FBR Open (Phoenix/Scottsdale) - One of a Kind on the PGA Tour

Text and Captions By Jeffrey A. Rendall; Photos By Jeff Janas


SCOTTSDALE, AZ – It seems that in every sport, there’s a playing venue that stands out from the rest.  For some it’s because of negative reasons – it’s old, rundown, outdated, poorly maintained.  For others, it’s the opposite – it’s state-of-the-art, steeped in tradition, a great place to play and a treat for the fans.


And still others are known for something unique.  Not necessarily worse, not necessarily better, but when you think of that place, you’ll instantly recognize where you’re at.  That’s why there’s a home field advantage – for those familiar with playing there, they’re going to have an edge.


Such is true for the PGA Tour’s annual stop in Scottsdale (near Phoenix), Arizona for the FBR Open (played at the TPC Scottsdale).  The FBR Open is usually played on Super Bowl weekend, which puts it up against the Super Bowl pre-game show, yet its ratings are always solid, and its attendance is the highest on Tour, year after year.


Needless to say, the golfers enjoy the tournament, as it continually draws a solid field of highly ranked players every season.  The weather’s usually nice, though there’re often frost delays in the mornings.  And the TPC Scottsdale, as is true of most PGA Tour venues, is a very beautifully done, appropriate setting.


But the truly ‘unique’ feature of the FBR Open is its crowd behavior.  It’s so unusual that ABC’s Golf hosts Curtis Strange and Mike Tirico used airtime to openly debate the merits of the raucous gallery surrounding the par three 16th hole.  Tirico said it’s fun to have thousands of fans ‘participating’ after every shot hit on the hole (they even boo poor shots).  Strange said it’s fine for that hole, but the noise is disconcerting to players on the surrounding holes and throughout the golf course.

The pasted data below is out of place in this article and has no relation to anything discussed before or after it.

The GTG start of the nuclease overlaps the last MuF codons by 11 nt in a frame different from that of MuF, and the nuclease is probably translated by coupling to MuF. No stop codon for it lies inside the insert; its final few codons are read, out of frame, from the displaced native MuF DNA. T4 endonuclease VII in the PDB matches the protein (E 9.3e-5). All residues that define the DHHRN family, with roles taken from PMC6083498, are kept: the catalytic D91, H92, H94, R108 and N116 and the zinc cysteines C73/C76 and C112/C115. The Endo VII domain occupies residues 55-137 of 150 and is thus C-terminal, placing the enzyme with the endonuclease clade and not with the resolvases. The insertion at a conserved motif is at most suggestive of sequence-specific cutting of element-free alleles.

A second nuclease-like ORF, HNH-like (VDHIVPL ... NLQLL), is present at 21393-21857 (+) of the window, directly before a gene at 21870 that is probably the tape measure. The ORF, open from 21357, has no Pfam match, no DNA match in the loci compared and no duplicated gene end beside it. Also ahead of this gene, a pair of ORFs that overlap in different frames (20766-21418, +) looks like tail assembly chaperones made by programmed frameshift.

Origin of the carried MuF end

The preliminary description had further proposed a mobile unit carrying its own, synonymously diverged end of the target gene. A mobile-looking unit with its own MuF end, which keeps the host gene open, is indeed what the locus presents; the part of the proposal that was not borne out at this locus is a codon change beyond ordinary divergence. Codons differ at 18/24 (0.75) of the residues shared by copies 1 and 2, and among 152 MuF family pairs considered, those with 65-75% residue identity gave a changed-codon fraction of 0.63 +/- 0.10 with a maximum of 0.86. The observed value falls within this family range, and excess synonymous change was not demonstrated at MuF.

This year, for example, the 16th hole crowd sang ‘You’ve lost that loving feeling’ to ABC on-course commentator Judy Rankin, after an alcohol emboldened member of the crowd came down and proposed to her on the tee box between groups (Rankin’s husband was in the stands, so no harm done.)


Strange also said it’s fine… once a year.


The players have been there before, and they know what to expect.  But it’s a good thing that life returns to ‘normal’ after this experience, with no more ‘waves’ done by the spectators, and gallery participation returns to (mostly) polite applause.


Whatever the merits of the rowdy gallery, Phoenix is known as a great place to watch a tournament.  And as photographer Jeff Janas discovered, it’s a great place to shoot pictures of some of golf’s greatest players.  Here’s a sampling of what he captured:

You've just escaped the rowdy 16th hole, but the massive galleries don't get any smaller at the tee of the short par four 17th hole.

Stewart Cink shows good form in getting the ball close to tap-in range in this shot.

Vijay Singh continued his streak of top 10 finishes here. Last year's winner, he seems to thrive in the environment - that's what an unflappable demeanor gets you.

Mark Calcavecchia set or tied seven PGA Tour scoring records in 1998 when he won the tournament. The course has been lengthened since, but still yields some low scores.

South Africa's Retief Goosen was yet another world top 10 player making an appearance. He's another player with a steady demeanor who would do well here.

Local favorite Phil Mickelson held the second round lead and was one back after 54 holes - but I'm sure his tie for seventh at the end was not where he wanted to finish.

Lee Janzen doesn't wear a golf glove - good thing the weather's warm enough in the west in the early part of the year to allow him to go without one.

The par five 15th hole's green is small enough. If you're distracted by the next hole's rowdy gallery on your approach shot, you might end up dropping and practically standing in the water.

Eventual winner Jonathan Kaye leads the march to the green on the 16th hole - Phil Mickelson and the TV folks in tow.

Saturday's scoreboard tells it all - forget the scores, look at the nearly 150,000 attendance figure. The FBR Open is one of a kind.


The FBR Open

TPC Scottsdale in Scottsdale, Arizona.


Purse:  $4 million.

Winner’s share:  $936,000.

2004 Winner:  Jonathan Kaye.

Winning Score:  266.

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